Something in female sex chromosomes appears to trigger a rise in blood pressure after the onset of menopause, says a study by Georgetown University Medical Center (GUMC) scientists.
The finding challenges the current belief that sex hormones are largely responsible for regulating blood pressure.
Published in Hypertension, the research is the first of its kind and involves male mice engineered to have female (XX) sex chromosomes, and female mice with male (XY) chromosomes.
The finding suggests that sex chromosomes regulate blood pressure in and of themselves. Most researchers have thought that sex hormones (estrogen and testosterone) play key roles in controlling blood pressure and that women develop hypertension after reaching menopause because of loss of estrogen.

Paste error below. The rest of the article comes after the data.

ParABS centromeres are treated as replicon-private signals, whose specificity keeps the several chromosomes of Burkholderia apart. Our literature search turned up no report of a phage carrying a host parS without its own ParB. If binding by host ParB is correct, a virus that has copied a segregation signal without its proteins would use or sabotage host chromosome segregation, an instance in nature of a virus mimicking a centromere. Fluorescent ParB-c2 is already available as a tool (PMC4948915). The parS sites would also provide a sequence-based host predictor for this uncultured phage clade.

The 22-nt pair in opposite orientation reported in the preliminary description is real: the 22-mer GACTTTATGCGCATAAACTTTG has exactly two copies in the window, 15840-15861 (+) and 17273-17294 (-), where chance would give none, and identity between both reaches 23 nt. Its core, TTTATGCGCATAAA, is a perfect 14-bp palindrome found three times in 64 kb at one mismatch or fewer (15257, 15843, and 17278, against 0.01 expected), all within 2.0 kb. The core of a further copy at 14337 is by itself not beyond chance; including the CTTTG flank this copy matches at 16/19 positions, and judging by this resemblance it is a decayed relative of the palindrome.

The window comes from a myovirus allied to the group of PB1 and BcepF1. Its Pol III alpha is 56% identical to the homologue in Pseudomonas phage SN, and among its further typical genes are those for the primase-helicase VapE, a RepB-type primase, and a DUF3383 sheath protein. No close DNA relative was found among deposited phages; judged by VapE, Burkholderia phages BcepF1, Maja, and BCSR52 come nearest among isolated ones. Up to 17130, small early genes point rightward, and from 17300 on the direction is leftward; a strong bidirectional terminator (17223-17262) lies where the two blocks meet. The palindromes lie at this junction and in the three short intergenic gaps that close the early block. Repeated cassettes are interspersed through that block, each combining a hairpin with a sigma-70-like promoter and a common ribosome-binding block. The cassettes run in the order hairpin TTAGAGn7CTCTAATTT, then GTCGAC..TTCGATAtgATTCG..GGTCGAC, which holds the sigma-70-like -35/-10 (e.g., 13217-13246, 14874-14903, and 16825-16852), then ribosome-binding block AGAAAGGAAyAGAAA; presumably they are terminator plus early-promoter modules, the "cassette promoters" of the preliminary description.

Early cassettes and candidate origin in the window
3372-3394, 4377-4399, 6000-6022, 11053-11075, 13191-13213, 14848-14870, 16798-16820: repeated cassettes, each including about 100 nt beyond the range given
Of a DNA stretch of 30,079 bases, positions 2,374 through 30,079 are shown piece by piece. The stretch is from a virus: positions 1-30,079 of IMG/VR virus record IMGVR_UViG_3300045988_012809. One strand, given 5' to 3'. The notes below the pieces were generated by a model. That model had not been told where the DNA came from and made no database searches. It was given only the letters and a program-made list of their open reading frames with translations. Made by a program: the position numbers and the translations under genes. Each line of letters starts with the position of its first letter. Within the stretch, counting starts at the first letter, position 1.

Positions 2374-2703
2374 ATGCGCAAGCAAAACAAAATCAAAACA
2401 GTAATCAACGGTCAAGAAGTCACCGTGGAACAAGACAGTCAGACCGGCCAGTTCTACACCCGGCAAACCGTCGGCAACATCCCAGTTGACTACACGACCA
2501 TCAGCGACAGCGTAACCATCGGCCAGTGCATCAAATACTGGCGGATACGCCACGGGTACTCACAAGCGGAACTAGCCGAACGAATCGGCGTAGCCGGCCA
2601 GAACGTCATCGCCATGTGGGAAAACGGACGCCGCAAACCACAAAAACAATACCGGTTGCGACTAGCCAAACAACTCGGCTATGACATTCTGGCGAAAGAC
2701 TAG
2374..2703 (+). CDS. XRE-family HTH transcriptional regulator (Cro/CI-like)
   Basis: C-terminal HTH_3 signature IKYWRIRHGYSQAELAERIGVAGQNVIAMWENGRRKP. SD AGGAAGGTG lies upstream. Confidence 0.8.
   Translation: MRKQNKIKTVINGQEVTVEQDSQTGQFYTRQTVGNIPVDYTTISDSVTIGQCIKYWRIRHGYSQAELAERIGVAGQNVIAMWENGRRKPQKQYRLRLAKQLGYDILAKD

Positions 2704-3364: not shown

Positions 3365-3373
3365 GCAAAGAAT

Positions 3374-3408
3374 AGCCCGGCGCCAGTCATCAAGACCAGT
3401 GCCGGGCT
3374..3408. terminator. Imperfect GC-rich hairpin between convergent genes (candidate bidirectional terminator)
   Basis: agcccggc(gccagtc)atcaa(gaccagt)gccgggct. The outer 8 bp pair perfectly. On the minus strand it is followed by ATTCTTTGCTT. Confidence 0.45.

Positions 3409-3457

"Up until now, it has been impossible to separate the influence of sex chromosomes from the effects of sex hormones, and in this paper, we have shown for the first time that sex chromosomes are impacting blood pressure - independent of sex hormones," says the study's lead investigator, Kathryn Sandberg, PhD, director of the GUMC Center for the Study of Sex Differences in Health, Aging, and Disease.
"That is not to say sex hormones don't matter in blood pressure regulation, because they do, but we now know they aren't the only players," she says. "Estrogen likely works to protect against hypertension, but once the hormone is depleted, something is unmasked on female XX chromosomes that allows blood pressure to rise."